Albin J. Zak III is Professor of Music at the University at Albany, State University of New York. He is the editor of The Velvet Underground Companion and the author of The Poetics of Rock: Cutting Tracks, Making Records, a groundbreaking study of rock music production. Zak is also a record producer, songwriter, singer, and guitarist.
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Table of Contents


Introduction 1

1 Records on the Radio 9

2 Shifting Currents in the Mainstream 43

3 Hustlers and Amateurs 76

4 Crossing Over 110

5 Surface Noise 143

6 "Hail! Hail! Rock and Roll" 170

7 New Traditions 204

Epilogue 238

Notes 243

Bibliography 265

Records Cited 275

Index 287

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First Chapter

I Don't Sound Like Nobody

By Albin J. Zak III

The University of Michigan Press

Copyright © 2010 Albin J. Zak III
All right reserved.

ISBN: 978-0-472-11637-9

Chapter One

Records on the Radio It amuses me to recall that when we first started spinning disks on the air the record companies were almost unanimous in their opposition to this new medium of entertainment. -MARTIN BLOCK


In the cultural churning of postwar America, radio, the nation's great public medium, was in the midst of big changes. When wartime restrictions were lifted in 1946, applications for broadcast licenses soared and new broadcast outlets sprang up across the country. By decade's end, the number of licensed stations had more than doubled, from 943 to over 2,000. At the same time, the national radio networks and advertising agencies, which for nearly two decades had substantially controlled programming nationwide by linking stations and feeding programs coast-to-coast over telephone lines, were turning their attention to television, as were the stars who had made radio such a successful entertainment medium. In 1949, network advertising revenues began what would prove an irreversible decline. The increased numbers of stations coinciding with dwindling network programming caused a splintering that saw individual stations, much as in radio's pre-network infancy, forced into greater self-reliance. With fewer network feeds of big-budget, live drama and music productions, along with the ads from their large corporate sponsors, programmers renewed their focus on the local markets lying within range of their signals.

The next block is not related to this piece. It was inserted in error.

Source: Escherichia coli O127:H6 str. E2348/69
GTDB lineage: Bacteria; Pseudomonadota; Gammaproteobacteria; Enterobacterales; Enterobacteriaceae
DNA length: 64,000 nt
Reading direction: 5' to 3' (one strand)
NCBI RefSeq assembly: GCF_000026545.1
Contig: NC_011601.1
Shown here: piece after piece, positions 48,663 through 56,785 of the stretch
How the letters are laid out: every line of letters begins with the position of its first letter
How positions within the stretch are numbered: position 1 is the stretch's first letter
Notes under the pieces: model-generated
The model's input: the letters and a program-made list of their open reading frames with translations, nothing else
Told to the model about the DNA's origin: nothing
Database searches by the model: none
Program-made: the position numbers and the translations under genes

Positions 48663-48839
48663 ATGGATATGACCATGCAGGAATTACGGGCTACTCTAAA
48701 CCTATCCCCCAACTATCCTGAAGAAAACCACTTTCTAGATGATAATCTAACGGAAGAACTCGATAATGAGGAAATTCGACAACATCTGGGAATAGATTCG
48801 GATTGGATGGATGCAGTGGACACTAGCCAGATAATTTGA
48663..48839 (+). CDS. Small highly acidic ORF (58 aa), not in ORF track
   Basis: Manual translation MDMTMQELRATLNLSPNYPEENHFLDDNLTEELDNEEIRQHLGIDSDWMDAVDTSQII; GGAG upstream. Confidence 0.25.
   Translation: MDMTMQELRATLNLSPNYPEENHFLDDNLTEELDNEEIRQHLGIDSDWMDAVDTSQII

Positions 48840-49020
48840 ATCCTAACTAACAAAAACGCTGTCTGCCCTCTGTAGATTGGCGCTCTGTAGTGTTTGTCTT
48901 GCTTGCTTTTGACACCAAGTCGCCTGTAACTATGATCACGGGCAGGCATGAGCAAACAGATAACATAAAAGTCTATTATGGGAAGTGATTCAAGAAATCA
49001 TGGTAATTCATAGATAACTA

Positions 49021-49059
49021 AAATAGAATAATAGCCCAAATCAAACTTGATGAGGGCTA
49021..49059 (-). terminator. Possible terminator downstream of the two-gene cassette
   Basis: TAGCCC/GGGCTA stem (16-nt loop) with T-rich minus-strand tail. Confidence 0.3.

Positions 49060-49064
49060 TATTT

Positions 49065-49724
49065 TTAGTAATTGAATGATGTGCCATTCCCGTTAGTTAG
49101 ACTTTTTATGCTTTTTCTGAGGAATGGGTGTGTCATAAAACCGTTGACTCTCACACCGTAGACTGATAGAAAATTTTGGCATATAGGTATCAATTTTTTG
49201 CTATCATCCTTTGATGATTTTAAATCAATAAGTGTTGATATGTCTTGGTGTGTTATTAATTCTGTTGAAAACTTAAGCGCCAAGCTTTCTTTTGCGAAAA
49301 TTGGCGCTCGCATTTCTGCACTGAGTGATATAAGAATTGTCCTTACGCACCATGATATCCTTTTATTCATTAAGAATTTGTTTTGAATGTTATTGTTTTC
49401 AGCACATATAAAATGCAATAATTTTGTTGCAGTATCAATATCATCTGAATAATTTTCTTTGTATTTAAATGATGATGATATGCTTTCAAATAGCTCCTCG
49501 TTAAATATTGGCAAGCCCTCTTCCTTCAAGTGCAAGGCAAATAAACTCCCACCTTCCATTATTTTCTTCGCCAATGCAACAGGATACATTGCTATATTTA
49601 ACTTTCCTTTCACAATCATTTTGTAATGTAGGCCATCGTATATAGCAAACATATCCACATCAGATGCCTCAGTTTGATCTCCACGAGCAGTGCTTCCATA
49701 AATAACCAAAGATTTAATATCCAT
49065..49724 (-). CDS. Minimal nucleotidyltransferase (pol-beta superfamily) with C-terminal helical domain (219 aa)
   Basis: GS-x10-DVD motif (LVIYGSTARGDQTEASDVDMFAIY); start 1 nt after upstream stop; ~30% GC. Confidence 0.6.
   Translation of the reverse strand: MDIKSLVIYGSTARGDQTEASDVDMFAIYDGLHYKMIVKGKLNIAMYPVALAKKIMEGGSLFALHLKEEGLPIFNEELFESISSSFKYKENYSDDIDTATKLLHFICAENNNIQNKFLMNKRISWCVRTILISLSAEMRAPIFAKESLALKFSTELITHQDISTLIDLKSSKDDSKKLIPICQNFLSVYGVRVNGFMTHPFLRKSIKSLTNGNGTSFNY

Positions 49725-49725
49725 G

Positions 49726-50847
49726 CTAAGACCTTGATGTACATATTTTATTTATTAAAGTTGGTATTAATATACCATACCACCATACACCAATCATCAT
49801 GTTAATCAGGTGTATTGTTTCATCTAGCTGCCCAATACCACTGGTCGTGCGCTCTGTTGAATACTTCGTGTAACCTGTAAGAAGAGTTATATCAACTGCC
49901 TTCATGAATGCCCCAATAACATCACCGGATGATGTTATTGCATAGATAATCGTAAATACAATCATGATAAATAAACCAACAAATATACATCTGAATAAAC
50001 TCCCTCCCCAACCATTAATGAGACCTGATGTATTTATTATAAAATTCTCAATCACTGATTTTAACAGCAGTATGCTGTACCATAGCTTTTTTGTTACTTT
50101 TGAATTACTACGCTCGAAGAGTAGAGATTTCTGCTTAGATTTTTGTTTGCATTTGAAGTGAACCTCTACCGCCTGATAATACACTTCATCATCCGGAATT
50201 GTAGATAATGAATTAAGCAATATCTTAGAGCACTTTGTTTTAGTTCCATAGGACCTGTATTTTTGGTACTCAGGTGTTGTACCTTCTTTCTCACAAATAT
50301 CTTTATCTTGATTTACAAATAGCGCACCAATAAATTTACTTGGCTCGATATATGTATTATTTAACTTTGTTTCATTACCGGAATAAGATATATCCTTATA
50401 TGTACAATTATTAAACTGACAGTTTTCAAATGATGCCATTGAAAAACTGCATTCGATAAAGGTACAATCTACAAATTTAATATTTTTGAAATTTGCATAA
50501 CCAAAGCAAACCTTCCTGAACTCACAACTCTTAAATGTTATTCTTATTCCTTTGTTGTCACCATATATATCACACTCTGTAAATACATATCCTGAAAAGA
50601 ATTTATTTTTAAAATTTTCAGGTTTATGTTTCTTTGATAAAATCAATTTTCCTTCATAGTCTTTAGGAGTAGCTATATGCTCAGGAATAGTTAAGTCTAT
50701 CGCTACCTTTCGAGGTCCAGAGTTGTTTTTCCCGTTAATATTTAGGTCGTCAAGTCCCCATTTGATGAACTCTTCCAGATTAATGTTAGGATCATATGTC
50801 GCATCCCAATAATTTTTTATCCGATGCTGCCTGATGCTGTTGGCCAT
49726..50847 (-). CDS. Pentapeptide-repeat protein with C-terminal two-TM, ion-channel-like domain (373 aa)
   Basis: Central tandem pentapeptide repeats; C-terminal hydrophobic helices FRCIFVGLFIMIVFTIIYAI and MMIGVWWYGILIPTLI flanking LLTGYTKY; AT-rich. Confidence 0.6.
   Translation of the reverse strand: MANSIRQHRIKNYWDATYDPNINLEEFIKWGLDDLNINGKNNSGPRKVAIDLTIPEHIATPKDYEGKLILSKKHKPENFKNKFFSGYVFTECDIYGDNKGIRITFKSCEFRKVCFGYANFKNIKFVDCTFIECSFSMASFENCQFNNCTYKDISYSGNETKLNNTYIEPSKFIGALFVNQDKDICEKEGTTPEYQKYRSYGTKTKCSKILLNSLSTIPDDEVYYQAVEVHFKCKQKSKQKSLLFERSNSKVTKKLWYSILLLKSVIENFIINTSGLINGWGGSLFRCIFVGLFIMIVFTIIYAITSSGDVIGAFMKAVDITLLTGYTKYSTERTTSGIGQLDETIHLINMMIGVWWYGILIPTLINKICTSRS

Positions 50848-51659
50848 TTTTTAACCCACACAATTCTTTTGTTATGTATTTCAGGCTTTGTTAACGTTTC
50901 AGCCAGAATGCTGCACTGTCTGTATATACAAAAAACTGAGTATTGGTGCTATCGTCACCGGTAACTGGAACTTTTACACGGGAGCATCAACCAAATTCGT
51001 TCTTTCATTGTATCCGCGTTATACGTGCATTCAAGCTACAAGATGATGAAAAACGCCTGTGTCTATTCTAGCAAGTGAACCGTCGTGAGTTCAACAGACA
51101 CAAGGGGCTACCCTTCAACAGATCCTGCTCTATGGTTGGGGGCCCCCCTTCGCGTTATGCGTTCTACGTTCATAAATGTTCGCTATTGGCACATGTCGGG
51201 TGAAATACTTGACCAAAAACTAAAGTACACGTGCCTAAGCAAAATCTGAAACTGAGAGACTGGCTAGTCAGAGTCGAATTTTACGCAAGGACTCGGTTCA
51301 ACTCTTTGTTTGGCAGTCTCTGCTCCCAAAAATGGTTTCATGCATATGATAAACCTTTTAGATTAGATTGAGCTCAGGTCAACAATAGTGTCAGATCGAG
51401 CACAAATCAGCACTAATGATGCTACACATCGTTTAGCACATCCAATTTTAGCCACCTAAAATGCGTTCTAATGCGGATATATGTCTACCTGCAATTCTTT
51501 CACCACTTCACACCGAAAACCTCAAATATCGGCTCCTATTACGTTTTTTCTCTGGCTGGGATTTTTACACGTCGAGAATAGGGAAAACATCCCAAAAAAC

As station directors worked to attract audiences, which, in turn, attracted the spot advertisements for local products, recordings of popular music proved invaluable. The discs were plentiful, they were relatively cheap to acquire, and they were popular with the public. (Immediately following the war, record sales exploded, with Columbia reporting a sales increase of 850 percent from 1945 to 1946 and all of the other large companies registering profit increases of at least 100 percent.) Moreover, records offered flexibility to programmers seeking to build and hold an audience. It was a simple matter to add or remove a record from a station's playlist. Attuned to local tastes and trends, and free of network scheduling and strictures, radio stations became more nimbly responsive. Using records, they could tailor their offerings to create a particular station identity or quickly respond to listeners' requests. Further, the boom in record sales led to dozens of start-up record companies specializing in regional or ethnic styles that broadened and enriched programming possibilities. With programmers, record hustlers, and the listening public joined in what one radio historian has described as a headlong dash "into the wide-open field of electronic entertainment and salesmanship," the public soundscape took on a dynamic effervescence.